BOY SCOUTS-IDAHO SHERIFF
N. Idaho sheriff's office drops Boy Scouts charter
(Information in the following story is from: Coeur d'Alene Press, http://www.cdapress.com)
COEUR D'ALENE, Idaho (AP) — A charter the Kootenai County Sheriff's Office in northern Idaho had with Boy Scout troop 911 has expired following the Boy Scouts of America opening its ranks to gay scouts.
Kootenai County Sheriff Ben Wolfinger last spring said he would be compelled to drop the charter because the organization is promoting a lifestyle that's against Idaho law.
The Coeur d'Alene Press reports the charter the sheriff's office had with the troop expired at the end of 2013.
Tim McCandless, CEO of Boy Scouts of America-Inland Northwest Council, says Northwest Backcountry Rescue is now chartering the troop.
He says the troop is as strong as it has ever been with 22 active scouts and 15 volunteer adults.
A dispatcher told The Associated Press on Sunday that Wolfinger was unavailable.
Lawmakers alter Wi-Fi options for schools
(Information in the following story is from: The Spokesman-Review, http://www.spokesman.com)
BOISE, Idaho (AP) — Lawmakers on the Legislature's joint budget committee say Idaho school districts that opted not to join a statewide contract for high school Wi-Fi services should qualify for state funding for their own Wi-Fi networks.
The Spokesman-Review reports that the Joint Finance-Appropriation Committee also on Friday gave districts that joined the contract the choice to withdraw and also get state funding for their own Wi-Fi networks.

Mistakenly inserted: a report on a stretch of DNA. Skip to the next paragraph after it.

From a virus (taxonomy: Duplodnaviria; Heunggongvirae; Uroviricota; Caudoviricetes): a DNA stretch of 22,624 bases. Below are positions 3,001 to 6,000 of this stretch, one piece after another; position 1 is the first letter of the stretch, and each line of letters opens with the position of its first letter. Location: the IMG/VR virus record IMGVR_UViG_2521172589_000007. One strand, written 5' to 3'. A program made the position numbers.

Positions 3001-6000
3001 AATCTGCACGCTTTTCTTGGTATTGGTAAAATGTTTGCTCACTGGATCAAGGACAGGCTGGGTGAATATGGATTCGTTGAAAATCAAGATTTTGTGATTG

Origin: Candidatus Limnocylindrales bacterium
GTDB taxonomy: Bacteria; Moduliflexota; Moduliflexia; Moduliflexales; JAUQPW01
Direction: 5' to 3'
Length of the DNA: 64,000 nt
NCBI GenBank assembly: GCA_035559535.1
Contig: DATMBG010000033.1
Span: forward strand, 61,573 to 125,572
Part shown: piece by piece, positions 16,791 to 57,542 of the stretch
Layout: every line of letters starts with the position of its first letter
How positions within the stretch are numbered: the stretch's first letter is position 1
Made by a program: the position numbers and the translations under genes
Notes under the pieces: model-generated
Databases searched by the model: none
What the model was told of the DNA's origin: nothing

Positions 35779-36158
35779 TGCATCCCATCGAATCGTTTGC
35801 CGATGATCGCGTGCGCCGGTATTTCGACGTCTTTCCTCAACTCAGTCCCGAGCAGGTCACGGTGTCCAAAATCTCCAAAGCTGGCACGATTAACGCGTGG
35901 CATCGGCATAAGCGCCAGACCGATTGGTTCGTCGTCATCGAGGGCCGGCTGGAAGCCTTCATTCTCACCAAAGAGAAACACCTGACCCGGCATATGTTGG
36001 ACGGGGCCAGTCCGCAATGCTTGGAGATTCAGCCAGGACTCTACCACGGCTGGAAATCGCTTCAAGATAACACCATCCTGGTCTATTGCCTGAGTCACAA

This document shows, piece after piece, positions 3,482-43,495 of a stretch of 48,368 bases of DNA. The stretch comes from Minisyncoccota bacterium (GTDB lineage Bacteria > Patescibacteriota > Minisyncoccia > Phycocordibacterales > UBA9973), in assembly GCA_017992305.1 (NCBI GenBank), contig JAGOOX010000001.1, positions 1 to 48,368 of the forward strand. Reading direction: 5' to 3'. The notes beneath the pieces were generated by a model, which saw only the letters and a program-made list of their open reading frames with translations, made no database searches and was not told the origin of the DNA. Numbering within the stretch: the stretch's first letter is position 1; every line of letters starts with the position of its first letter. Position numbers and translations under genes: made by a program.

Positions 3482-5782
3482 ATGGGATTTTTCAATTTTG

The vote was 15-5.
The state is planning to conduct a service audit to see what services are being provided where and for what cost.
The Education Department says 203 Idaho schools signed up for Education Networks of America Wi-Fi, part of a five-year contract that public schools chief Tom Luna hopes will boost classroom use of technology.
JOB SEEKER HELP
Southwest Idaho job seekers can get help
BOISE, Idaho (AP) — The Idaho Department of Labor has received $2.4 million in federal money to help southwestern Idaho job seekers.
The agency says the money is for paid re-employment assistance, training or other benefits.
The agency announced Thursday that it's holding one-hour information meetings on Friday at seven of its offices in the region.
Those who attend can find out if they qualify for the program.
The money from the Workforce Investment Act is intended to help the long-term unemployed, veterans and eligible spouses, displaced workers and low-income adults.
The money is especially intended to help those 50 and older, and young people ages 16 to 21.
Lawmaker: Money crunch will dent wolf killing fund
(Information in the following story is from: The Times-News, http://www.magicvalley.com)
BOISE, Idaho (AP) — The co-chair of the state's budget committee says a bill asking for $2 million to kill Idaho wolves likely won't get half that much money.
Republican Rep. Maxine Bell of Jerome says the money is instead needed to pay for the Idaho Education Network broadband program.
Bell co-chairs the Joint Finance Appropriations Committee.
Legal wrangling over a contract the state awarded for an education broadband project has cut off federal funds for the program.
Bell tells The Times-News in a story on Sunday that lawmakers have flexibility when it comes to killing wolves but they don't with the Idaho Education Network.
She says the fund to kill wolves will probably get about $400,000.
Even if the proposed wolf control bill becomes law, the committee Bell co-chairs would determine the final funding amount.
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